CELEBRATE SPRING AT THE NEW-YORK HISTORICAL SOCIETY WITH AUDUBON’S ICONIC ORIGINAL WATERCOLORS OF BIRDS
Audubon’s Aviary: Parts Unknown (Part II of The Complete Flock)
On View March 21 – May 26, 2014
NEW YORK, NY (February 11, 2014) – This spring, the New-York Historical Society will continue its acclaimed series of exhibitions celebrating John James Audubon’s legendary original watercolors. Audubon’s Aviary: Parts Unknown (Part II of The Complete Flock) will offer an unprecedented opportunity to explore the evolution of Audubon’s watercolors in the order in which they were engraved. The second in a series of three exhibitions, New-York Historical will showcase these masterpieces from its collection of Audubon’s watercolor models for the sumptuous double-elephant-folio print edition of The Birds of America (1827–38). New-York Historical holds all 435 watercolor models for its 435 plates, engraved by Robert Havell Jr., plus an additional 39 avian watercolors by Audubon.
Parts Unknown will consider Audubon as an established artist-naturalist, a world citizen, and a celebrity in an expanding nation—no longer the young Frenchman who created the “early birds” displayed in the first installment. This once-in-a-lifetime exhibition follows Audubon into uncharted territories—geographic, artistic, and scientific—as he encountered and mapped new species and grappled with the disappearing illusion of America’s infinite wilderness, which galvanized his awareness about the necessity of conserving species and habitats. At this time Audubon presciently wrote, “Nature herself is perishing … not only of her aboriginal men but of every thing and animal which has life and attracts the cupidity of men. When her fish and game and birds are gone, she will be left alone like an old worn-out field.”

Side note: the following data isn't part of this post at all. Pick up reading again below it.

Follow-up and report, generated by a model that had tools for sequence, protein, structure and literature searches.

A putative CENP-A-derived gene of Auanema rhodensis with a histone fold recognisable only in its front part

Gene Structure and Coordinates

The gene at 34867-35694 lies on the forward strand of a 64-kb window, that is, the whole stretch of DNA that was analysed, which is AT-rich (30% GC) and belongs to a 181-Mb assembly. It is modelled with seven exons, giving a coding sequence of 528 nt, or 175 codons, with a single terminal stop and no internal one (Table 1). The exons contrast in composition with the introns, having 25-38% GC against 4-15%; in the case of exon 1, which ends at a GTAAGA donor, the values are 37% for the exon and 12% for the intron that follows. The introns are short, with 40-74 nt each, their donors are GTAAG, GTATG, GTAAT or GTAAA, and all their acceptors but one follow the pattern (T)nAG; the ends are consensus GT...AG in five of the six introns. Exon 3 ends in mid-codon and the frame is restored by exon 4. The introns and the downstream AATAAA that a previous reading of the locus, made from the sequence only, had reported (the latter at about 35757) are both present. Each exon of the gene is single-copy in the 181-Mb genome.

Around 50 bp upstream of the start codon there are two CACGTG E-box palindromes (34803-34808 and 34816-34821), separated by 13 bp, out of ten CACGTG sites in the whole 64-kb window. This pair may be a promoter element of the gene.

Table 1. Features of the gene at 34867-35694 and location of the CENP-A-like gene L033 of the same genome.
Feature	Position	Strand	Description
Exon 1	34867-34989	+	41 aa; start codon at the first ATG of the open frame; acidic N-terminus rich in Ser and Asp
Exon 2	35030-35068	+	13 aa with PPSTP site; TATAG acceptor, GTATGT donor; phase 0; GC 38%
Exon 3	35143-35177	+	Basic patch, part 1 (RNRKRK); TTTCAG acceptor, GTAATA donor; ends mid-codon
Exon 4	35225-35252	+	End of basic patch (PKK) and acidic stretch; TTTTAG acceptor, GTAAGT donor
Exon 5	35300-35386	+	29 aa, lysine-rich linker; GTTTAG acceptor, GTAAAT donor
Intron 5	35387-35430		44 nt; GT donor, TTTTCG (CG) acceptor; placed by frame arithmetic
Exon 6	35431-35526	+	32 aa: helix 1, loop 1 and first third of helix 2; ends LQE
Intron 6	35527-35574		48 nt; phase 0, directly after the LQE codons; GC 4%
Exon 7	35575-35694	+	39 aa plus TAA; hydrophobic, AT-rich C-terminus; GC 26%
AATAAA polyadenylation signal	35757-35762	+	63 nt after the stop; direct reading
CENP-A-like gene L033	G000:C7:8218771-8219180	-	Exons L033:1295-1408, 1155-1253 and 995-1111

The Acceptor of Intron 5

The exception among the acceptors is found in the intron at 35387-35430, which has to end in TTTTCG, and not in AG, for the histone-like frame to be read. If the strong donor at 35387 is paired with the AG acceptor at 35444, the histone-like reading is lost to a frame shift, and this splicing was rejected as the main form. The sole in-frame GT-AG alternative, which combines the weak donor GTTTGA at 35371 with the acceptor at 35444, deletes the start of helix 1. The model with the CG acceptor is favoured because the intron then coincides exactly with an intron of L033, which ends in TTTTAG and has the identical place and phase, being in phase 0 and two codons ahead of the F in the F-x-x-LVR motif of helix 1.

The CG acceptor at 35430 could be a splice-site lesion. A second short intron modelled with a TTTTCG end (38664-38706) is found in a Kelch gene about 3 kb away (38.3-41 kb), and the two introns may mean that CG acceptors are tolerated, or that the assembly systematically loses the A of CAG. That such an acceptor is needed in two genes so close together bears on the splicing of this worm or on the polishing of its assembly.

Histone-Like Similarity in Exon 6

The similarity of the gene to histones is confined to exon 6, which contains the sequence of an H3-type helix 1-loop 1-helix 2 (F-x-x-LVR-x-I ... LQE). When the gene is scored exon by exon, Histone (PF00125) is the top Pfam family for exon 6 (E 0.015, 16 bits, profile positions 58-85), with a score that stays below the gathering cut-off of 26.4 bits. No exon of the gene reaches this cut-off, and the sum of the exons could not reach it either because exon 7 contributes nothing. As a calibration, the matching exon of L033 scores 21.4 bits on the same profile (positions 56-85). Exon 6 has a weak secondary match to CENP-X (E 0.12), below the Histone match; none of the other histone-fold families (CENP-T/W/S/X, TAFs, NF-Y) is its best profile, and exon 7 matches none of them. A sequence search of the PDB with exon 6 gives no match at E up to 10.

Curated by Roberta J.M. Olson, Curator of Drawings at the New-York Historical Society, the Audubon’s Aviary trilogy allows New-York Historical Society’s visitors the opportunity to view these national treasures sequentially—the same way Audubon’s original subscribers received the Havell prints. Audubon organized his watercolor models and the corresponding Havell plates not by taxonomy, as was the tradition, but according to his judgments, including which watercolors he considered ready for engraving. He believed this order was closer to that of nature, and it was arguably more interesting for his subscribers because they received their prints in groups of five (usually one large, one medium, and three small). Viewed in this manner, the Audubon’s Aviary series examines the struggles and decisions the artist made in order to bring his “great work” to fruition and to successfully market it.